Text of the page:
It won over fans from far beyond the rarefied world of astrophysics and prompted people into asking the mastermind his thoughts on broader topics, answered in his final work.

The 10 questions Hawking tackles are:
-- Is there a God?
-- How did it all begin?
-- What is inside a black hole?
-- Can we predict the future?
-- Is time travel possible?
-- Will we survive on Earth?
-- Is there other intelligent life in the universe?
-- Should we colonize space?
-- Will artificial intelligence outsmart us?
-- How do we shape the future?


In his book, Hawking says humans have no option but to leave Earth, risking being “annihilated” if they do not.
He says computers will overtake humans in intelligence during the next 100 years, but “we will need to ensure that the computers have goals aligned with ours.”
Hawking says the human race had to improve its mental and physical qualities, but a genetically-modified race of superhumans, say with greater memory and disease resistance, would imperil the others.
He says that by the time people realize what is happening with climate change, it may be too late.
Hawking says the simplest explanation is that God does not exist and there is no reliable evidence for an afterlife, though people could live on through their influence and genes.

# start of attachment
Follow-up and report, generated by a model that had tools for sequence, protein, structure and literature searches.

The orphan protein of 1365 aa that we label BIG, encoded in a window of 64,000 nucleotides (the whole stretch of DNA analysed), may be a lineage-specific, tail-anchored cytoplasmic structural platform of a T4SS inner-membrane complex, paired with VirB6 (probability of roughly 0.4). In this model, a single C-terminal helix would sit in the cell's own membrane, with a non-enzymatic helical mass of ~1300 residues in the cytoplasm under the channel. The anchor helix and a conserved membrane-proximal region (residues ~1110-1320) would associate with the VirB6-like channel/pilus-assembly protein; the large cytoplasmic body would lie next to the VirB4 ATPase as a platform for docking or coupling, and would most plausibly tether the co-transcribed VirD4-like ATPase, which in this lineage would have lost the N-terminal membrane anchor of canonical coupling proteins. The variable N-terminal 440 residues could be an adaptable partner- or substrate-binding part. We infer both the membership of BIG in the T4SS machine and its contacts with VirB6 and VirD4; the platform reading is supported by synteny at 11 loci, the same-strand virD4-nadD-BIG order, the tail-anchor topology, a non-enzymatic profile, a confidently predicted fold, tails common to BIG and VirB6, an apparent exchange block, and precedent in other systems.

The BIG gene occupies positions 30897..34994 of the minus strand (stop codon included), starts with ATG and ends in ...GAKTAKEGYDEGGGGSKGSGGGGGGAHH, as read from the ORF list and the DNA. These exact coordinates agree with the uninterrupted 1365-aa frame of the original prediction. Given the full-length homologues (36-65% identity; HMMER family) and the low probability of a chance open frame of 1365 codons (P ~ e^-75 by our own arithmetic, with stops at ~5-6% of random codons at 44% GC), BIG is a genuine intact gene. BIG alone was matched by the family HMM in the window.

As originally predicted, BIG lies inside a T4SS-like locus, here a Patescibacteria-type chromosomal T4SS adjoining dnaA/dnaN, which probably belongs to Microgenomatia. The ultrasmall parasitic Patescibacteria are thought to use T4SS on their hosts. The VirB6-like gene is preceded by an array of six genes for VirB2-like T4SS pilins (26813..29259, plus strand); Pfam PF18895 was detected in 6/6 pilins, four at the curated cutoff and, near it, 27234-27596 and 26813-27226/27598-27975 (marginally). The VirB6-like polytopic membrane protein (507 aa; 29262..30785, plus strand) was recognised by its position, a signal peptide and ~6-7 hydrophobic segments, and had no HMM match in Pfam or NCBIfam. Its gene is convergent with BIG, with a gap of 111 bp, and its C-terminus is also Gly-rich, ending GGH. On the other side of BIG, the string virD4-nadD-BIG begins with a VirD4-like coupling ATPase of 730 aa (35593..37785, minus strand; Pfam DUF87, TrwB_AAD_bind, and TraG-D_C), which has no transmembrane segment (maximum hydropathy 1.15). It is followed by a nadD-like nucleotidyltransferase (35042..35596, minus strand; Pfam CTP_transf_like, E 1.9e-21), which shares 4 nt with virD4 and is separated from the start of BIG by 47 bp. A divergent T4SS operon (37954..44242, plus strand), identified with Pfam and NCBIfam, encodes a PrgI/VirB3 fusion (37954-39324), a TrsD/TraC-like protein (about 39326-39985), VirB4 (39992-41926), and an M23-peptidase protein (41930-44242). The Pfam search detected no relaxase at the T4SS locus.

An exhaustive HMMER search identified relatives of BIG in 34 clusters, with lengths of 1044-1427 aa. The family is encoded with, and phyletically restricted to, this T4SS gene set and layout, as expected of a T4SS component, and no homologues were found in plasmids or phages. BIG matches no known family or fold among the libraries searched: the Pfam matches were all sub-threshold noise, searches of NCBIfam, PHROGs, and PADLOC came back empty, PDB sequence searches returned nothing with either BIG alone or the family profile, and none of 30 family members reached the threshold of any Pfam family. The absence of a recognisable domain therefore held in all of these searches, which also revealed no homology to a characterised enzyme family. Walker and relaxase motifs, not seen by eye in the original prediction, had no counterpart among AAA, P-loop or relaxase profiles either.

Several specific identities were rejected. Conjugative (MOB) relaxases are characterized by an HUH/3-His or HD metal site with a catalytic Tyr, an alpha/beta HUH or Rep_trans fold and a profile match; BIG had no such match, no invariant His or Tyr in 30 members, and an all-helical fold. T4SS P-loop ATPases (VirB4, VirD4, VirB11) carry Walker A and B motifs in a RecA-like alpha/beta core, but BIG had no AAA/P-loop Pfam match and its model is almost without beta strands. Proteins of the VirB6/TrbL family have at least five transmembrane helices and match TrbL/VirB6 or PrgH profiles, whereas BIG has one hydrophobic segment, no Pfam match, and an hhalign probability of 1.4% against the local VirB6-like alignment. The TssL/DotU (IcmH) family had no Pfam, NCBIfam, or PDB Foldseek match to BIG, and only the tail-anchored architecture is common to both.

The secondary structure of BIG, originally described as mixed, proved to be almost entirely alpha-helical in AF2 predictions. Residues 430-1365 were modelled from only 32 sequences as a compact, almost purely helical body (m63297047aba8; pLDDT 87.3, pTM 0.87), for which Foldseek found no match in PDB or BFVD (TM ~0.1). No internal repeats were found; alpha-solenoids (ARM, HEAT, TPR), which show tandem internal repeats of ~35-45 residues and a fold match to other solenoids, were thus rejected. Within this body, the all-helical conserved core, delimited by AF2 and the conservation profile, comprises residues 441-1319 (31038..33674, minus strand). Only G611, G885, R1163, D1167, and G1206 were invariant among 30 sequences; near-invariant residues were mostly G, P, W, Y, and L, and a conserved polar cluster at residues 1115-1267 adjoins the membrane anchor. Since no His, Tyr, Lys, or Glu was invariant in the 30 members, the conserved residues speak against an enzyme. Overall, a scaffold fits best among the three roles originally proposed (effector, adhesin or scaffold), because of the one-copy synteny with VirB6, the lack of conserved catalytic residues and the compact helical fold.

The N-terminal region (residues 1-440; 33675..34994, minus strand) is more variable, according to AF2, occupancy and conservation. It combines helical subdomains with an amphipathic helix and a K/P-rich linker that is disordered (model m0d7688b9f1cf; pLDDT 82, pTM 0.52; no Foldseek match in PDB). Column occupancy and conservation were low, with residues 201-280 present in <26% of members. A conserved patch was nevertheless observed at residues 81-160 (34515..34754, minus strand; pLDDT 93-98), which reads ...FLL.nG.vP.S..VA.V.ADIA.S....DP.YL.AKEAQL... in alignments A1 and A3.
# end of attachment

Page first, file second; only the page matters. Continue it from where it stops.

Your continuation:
He says that in the next 50 years, we will come to understand how life began and possibly discover whether life exists elsewhere in the universe.
“He was deeply worried that at a time when the challenges are global, we were becoming increasingly local in our thinking,” Lucy Hawking said.
“It’s a call to unity, to humanity, to bring ourselves back together and really face up to the challenges in front of us.”
In his final academic paper, Hawking shed new light on black holes and the information paradox, with new work calculating the entropy of black holes.
Turned into an animation narrated by Hawking’s artificial voice, it was shown at the book launch.
“It was very emotional. I turned away because I had tears forming,” Lucy Hawking told AFP on hearing her father’s voice again.
“It feels sometimes like he’s still here because we talk about him and hear his voice — and then we have the reminder that he’s left us.”